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Bulgaria wants to join the EU’s ammo-for-Ukraine club

Bulgaria wants to join the EU’s ammo-for-Ukraine club

by host

SOFIA — Bulgaria’s new defense minister said the country is looking to step up its support for EU efforts to supply Ukraine with the ammunition it needs to continue fighting Moscow’s troops.

NATO defense ministers meet in Brussels on Thursday and Friday to discuss how to ramp up the alliance’s industrial capacity to support Ukraine — as well as defense and deterrence capabilities in the run-up to a key summit in Vilnius next month.

EU countries in May finalized a deal to send 1 million 155-millimeter shells and missiles to Kyiv by March next year, agreeing to give ammunition immediately from their own stockpiles and for member states to get partial reimbursement for their efforts. They agreed €1 billion for this part of the plan, and another €1 billion for a joint procurement scheme to provide rounds to Ukraine and refill their stocks. The Commission also proposed a €500 million initiative to boost Europe’s ability to manufacture arms and meet these targets.

As part of this push, the European Defense Agency (EDA) launched a project for member states to jointly procure the rounds of ammo, either to refill their stocks or to send them to Ukraine. So far, Bulgaria has been one of only two EU countries — militarily neutral Ireland is the other — to not join the EDA scheme.

“We are very clearly aiming at joining this coalition,” Todor Tagarev told POLITICO in an interview. “I think we will be able to provide some of the required ammunition for Ukraine.”

“There’s been no political decision,” he said, “but we will certainly put the effort and I believe that we will find a way.”

The move marks a sharp pivot for the Balkan country, whose new government took office last week after a period of prolonged instability that saw five elections in two years.

Bulgarian President Rumen Radev, a figure considered by some as soft on Russia and who has enjoyed unprecedented powers to appoint successive interim governments, had ruled out joining the coalition in late March.

In December, Bulgarian lawmakers green-lit a package of military aid to Ukraine after much infighting — though this was mainly restricted to lighter weapons.

Still, the country reportedly secretly supplied up to a third of Ukraine’s ammunition needs in the early phases of Russia’s war through intermediaries authorized by its previous pro-European government.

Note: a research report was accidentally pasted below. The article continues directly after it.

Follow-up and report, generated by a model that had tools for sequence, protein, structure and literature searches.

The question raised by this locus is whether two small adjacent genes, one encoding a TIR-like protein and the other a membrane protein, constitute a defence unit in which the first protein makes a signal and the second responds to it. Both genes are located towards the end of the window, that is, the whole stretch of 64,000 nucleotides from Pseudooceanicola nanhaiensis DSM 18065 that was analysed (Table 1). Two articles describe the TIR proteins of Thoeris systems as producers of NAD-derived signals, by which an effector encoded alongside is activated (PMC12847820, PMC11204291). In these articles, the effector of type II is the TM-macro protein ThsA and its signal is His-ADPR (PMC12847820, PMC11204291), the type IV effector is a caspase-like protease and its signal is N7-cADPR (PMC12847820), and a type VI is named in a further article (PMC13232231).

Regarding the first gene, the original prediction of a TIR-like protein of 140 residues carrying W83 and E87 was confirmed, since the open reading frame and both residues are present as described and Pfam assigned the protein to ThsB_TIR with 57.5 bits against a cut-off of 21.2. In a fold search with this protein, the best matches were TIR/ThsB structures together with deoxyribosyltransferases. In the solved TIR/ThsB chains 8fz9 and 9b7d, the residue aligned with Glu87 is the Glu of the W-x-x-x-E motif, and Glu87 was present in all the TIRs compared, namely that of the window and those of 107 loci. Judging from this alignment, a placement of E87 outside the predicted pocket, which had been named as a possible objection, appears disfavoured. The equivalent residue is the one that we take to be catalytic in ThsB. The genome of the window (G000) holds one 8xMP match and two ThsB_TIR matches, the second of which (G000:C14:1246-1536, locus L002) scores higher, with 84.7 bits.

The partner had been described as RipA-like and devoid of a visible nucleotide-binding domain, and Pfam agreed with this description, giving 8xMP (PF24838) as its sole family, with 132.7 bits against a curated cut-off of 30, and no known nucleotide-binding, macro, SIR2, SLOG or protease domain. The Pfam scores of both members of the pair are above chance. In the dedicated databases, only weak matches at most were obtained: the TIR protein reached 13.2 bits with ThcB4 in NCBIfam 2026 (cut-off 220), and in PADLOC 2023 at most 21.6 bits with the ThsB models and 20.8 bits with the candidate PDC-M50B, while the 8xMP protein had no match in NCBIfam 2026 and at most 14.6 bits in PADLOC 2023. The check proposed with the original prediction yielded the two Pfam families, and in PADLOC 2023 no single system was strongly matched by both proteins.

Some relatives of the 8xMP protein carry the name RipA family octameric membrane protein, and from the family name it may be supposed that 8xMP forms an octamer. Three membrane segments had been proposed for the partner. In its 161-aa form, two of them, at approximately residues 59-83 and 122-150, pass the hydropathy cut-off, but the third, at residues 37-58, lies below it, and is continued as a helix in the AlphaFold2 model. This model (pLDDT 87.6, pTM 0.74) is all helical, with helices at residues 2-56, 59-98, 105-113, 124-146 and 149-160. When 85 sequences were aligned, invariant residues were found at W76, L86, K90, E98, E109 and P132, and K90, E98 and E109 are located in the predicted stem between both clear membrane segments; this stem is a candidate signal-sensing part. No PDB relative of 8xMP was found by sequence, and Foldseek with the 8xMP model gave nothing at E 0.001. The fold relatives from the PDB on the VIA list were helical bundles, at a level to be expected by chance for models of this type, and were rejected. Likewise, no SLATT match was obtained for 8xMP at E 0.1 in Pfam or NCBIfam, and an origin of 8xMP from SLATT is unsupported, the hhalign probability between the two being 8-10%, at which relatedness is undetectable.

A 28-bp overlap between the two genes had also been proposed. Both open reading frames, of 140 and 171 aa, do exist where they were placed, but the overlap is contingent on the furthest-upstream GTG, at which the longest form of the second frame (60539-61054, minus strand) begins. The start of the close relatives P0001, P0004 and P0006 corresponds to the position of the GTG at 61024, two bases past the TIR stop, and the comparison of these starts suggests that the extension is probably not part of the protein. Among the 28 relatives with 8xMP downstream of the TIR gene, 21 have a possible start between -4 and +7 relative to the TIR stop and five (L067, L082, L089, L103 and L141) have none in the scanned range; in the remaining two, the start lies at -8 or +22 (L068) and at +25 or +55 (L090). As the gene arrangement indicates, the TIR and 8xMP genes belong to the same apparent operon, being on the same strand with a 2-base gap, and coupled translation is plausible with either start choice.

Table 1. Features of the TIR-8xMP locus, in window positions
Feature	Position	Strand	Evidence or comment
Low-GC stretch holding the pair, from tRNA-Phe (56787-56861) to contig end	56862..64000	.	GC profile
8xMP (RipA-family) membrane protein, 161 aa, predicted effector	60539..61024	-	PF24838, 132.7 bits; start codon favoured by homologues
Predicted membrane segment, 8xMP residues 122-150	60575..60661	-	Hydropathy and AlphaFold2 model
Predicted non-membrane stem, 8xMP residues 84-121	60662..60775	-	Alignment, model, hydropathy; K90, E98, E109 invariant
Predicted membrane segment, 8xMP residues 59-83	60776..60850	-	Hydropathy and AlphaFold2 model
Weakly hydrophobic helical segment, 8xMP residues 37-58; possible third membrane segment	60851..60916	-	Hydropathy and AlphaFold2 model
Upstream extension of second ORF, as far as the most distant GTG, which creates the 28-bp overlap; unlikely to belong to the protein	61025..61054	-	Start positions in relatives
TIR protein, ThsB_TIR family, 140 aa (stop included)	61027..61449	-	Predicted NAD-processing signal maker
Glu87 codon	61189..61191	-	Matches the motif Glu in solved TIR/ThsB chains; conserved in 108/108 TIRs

The advantage of Sofia formally joining the coalition is that “traditionally, Bulgaria … has specialized in small arms, light weapons and ammunition” production since Soviet times, Tagarev said.

Still, the career military expert and defense official argued that donating MiG-29 fighter jets and air defense systems would be a “challenge,” since Bulgaria’s stocks are needed to meet the country’s own needs — while conceding that much of the country’s tank fleet is also half a century old.

Tagarev also said the country was on track to meet the NATO pledge of increasing spending for the alliance to 2 percent of GDP “by 2024,” which he insisted should be “a minimum.”

Ukraine should also “absolutely” be let into NATO “when the conditions permit,” he added — meaning as soon as Russia’s war is over.

Still, pushing that view will not be easy in a country where only 46 percent of people think the Ukraine war is entirely Russia’s fault, according to a December poll, compared to an EU average of 88 percent.

“I’m very worried” about Moscow’s influence in Bulgaria, Tagarev admitted, adding he was considering setting up new specialized units to tackle Russian disinformation narratives.

“We need to make sure that we counter effectively Russian propaganda, disinformation campaigns and all sorts of other influence we have in the country,” he said.

“The Russian ambassador here and some other political parties, influential politicians, they talk with the same voice — and that is not the voice of our allies.”

Lili Bayer contributed reporting.

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